a powerful stimulant that impairs the central nervous system — is the latest drug scourge to capture the nation’s attention. Popular slang for this drug of course includes crystal, but more commonly tina — a corruption of the word sixteen, based on the concept of one sixteenth of an ounce. When you see Craigslist classified ads from people searching for a “party with Tina,” you can rest assured they’re willing to spend anywhere from three to five dollars.
Known as the poor man’s cocaine because of its cheap price and lengthy high, meth has long been a drug of choice among low-income addicts. But what used be an isolated problem in pockets of the West and in rural areas has become a top priority for law enforcement officials across the Southwest and Midwest, where meth production and use has moved from biker gangs to mainstream.
According to a 2002 National Survey on Drug Use and Health report, 12.4 million Americans ages 12 and older had tried methamphetamine at least once, with most users between 18 and 34. Last year, more than 3,000 children were rescued during seizures of more than 15,000 meth labs nationwide, according to the federal Office of National Drug Control Policy.
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Crack users and heroin users are so disorganized and get in these frantic binges, they’re not going to sit still and do anything in an organized way for very long,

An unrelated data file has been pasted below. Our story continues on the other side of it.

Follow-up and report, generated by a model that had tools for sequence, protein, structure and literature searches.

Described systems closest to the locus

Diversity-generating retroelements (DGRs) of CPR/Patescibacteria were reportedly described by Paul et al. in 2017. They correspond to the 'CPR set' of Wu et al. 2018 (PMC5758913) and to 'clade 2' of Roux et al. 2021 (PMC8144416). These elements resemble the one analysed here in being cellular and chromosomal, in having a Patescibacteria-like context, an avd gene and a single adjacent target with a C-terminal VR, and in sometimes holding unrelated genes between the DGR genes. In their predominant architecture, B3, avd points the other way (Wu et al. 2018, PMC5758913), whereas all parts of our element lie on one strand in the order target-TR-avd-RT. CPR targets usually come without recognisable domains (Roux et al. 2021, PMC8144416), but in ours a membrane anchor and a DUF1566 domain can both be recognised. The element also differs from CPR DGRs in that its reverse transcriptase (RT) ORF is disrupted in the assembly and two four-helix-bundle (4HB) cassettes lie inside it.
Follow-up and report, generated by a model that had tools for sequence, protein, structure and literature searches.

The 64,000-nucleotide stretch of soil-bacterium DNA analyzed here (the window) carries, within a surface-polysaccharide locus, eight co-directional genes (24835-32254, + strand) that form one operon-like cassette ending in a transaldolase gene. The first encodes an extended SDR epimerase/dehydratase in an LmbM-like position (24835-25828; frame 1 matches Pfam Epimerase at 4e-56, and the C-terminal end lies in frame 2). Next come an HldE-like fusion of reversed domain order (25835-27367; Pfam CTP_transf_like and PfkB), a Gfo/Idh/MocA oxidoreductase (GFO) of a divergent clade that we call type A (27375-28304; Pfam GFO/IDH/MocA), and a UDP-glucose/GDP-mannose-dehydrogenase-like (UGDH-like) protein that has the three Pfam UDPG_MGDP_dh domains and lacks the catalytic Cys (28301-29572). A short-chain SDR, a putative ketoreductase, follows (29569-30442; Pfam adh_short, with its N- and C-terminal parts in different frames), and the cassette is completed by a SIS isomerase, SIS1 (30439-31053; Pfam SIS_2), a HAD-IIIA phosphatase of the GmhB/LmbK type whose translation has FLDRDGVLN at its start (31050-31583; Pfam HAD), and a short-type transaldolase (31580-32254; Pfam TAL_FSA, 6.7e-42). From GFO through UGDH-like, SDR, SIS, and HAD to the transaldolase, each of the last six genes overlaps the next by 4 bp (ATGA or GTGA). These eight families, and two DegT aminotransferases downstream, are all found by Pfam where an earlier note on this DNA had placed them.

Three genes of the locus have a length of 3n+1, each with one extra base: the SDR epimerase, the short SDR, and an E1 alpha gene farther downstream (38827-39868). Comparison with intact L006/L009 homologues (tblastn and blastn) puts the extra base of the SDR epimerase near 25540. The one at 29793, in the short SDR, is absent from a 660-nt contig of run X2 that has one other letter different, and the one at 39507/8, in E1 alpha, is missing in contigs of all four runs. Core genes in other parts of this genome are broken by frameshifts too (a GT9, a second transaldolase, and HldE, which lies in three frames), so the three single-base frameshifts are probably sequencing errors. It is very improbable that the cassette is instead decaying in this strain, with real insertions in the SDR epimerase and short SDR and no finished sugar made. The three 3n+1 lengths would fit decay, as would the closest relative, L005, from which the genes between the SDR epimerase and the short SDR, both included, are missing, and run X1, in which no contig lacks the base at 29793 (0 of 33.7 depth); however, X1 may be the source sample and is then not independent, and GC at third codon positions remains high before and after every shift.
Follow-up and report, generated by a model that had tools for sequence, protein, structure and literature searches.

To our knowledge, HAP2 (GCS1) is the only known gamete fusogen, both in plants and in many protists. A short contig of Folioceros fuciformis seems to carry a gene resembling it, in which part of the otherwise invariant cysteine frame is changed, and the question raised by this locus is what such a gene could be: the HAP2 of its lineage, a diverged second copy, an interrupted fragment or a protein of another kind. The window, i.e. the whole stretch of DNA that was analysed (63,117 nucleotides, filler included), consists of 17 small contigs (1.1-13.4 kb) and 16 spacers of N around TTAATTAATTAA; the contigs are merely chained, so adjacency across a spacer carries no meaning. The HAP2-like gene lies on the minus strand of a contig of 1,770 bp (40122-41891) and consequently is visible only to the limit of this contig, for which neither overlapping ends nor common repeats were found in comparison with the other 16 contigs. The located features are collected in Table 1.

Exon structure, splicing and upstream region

Dr. Rawson said. Meth users, on the other hand, that’s all they have, is time.
The drug stimulates the part of the brain that perseverates on things. So you get people perseverating on things, and if you sit down at a computer terminal you can go for hours and hours.
For example, crack cocaine or heroin dealers usually set up in well-defined urban strips run by armed gangs, which stimulates gun traffic and crimes that are suited to densely populated neighborhoods, including mugging, prostitution, carjacking and robbery.
Because cocaine creates a rapid craving for more, addicts commit crimes that pay off instantly, even at high risk.
Methamphetamine, by contrast, can be manufactured in small laboratories that move about suburban or rural areas, where addicts are more likely to steal mail from unlocked boxes.
Small manufacturers, in turn, use stolen identities to buy ingredients or pay rent without arousing suspicion. And because the drug has a long high, addicts have patience and energy for crimes that take several steps to pay off.
Speedlore and Methology: Part II
The American Speedfreak is a lost soul. We know how to have fun between the first ether gasp and locking ourselves in the closet. A twisted wisdom creeps into those of us who manage to survive, a sort of collective unconsciousness, an unspoken Crankster ideology:
It’s time to get some sleep when:
You’re out of crank
Your face is bouncing off the table
Your veins have completely disappeared beneath pasty goose flesh
Your shoes don’t fit anymore
24 simultaneous projects have stalled for lack of floor space suddenly
everyone is a cop
You’ve just set yourself on fire, again
You’re nodding out…
15 minutes after shooting a 1/4g